The Wiki Weapon Project aims to produce a file for a working gun that can be printed on a 3D printer.

Wiki Weapon aims for printable gun

A printable gun will be available over the internet within months if the Wiki Weapon Project succeeds in creating a successful 3D file.

“It’s an idea whose time has come,” developer Cody Wilson of Defense Distributed says.

But he stresses the firearm isn’t the important part, it’s the technology that makes this project worthwhile, particularly at a time when governments and individuals are struggling over the control or freedom of information available on the internet.

“The product isn’t important here,” Wilson says. “What we’re interested in producing is a digital file.”

The file would be shared across the internet.

Defense Distributors, which is not a company but a group of interested developers, is looking for funding but says it only needs $20,000, which would also buy the high-end 3D printer required for the job.

It is far from clear how serious they are about this project, or whether it is perhaps little more than a stunt, but there is general agreement in the 3D printing industry that the technology is almost ready to support a working firearm.

Two simple designs are in the pipeline, one a non-working prototype, the other a working one which would be entirely plastic and produced in .22LR calibre.

The idea would be that the firearm only has to shoot once, not survive through years of use, because it is intended as a means of self-defence.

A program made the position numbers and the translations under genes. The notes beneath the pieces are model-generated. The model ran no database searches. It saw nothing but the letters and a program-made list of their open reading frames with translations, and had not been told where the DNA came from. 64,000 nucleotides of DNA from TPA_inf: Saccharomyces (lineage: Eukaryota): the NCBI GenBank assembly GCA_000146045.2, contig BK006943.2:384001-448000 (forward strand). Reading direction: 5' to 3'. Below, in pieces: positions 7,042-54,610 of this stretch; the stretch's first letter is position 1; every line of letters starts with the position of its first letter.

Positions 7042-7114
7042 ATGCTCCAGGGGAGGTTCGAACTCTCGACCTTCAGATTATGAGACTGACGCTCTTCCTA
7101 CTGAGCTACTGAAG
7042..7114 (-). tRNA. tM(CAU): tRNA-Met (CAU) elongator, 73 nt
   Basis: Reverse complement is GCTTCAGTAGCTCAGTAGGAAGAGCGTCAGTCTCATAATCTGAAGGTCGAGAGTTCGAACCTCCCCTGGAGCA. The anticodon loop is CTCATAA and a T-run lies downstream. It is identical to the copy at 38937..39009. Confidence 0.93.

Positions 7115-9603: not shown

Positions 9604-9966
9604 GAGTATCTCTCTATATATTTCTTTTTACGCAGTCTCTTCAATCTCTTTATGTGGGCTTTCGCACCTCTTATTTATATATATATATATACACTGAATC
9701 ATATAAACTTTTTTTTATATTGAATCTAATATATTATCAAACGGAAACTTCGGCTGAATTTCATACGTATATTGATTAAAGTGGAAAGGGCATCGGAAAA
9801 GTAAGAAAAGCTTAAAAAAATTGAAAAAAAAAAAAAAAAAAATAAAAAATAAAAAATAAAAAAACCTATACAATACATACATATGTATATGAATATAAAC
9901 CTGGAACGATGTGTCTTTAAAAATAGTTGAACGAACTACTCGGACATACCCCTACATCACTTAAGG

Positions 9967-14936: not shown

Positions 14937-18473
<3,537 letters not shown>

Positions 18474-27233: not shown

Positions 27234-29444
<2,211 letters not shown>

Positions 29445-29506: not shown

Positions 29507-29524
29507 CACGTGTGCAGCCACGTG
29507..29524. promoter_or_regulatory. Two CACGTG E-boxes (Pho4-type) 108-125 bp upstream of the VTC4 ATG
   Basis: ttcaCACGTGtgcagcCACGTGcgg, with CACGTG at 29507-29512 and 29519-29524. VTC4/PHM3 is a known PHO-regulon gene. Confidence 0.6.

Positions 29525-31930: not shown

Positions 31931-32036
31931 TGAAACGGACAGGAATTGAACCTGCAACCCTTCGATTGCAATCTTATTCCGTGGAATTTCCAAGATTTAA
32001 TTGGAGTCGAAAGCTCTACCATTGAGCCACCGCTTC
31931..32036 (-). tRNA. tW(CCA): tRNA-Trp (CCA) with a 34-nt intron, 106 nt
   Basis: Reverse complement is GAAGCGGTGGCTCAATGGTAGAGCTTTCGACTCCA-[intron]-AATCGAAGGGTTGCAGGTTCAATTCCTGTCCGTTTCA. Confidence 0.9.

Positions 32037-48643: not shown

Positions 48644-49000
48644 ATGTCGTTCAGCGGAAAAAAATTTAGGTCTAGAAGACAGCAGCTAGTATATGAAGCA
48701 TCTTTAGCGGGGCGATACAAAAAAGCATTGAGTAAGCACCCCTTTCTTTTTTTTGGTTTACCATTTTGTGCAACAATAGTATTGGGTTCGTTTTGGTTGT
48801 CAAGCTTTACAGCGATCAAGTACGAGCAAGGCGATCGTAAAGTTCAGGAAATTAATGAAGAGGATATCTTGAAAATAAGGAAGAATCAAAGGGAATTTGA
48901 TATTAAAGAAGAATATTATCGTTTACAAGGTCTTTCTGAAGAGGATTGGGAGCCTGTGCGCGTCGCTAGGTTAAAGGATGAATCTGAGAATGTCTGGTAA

All the same, Wilson admits they don’t yet know if they can make a plastic handgun strong enough to sustain even one round of .22 rimfire, and part of the project’s future is modelling this possibility.

“We will have the reality of a weapon system that can be printed out from your desk. Anywhere there’s a computer, there’s a weapon,” he says.

He claims the Wiki Weapons Project is about “the preservation of human dignity in a world of accelerating inhumanity”, as much regarding freedom on the internet as gun rights.

“Information should be free, and it wants to be.”




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Mick Matheson

Mick grew up with guns and journalism, and has included both in his career. A life-long hunter, he has long-distant military experience and holds licence categories A, B and H. In the glory days of print media, he edited six national magazines in total, and has written about, photographed and filmed firearms and hunting for more than 15 years.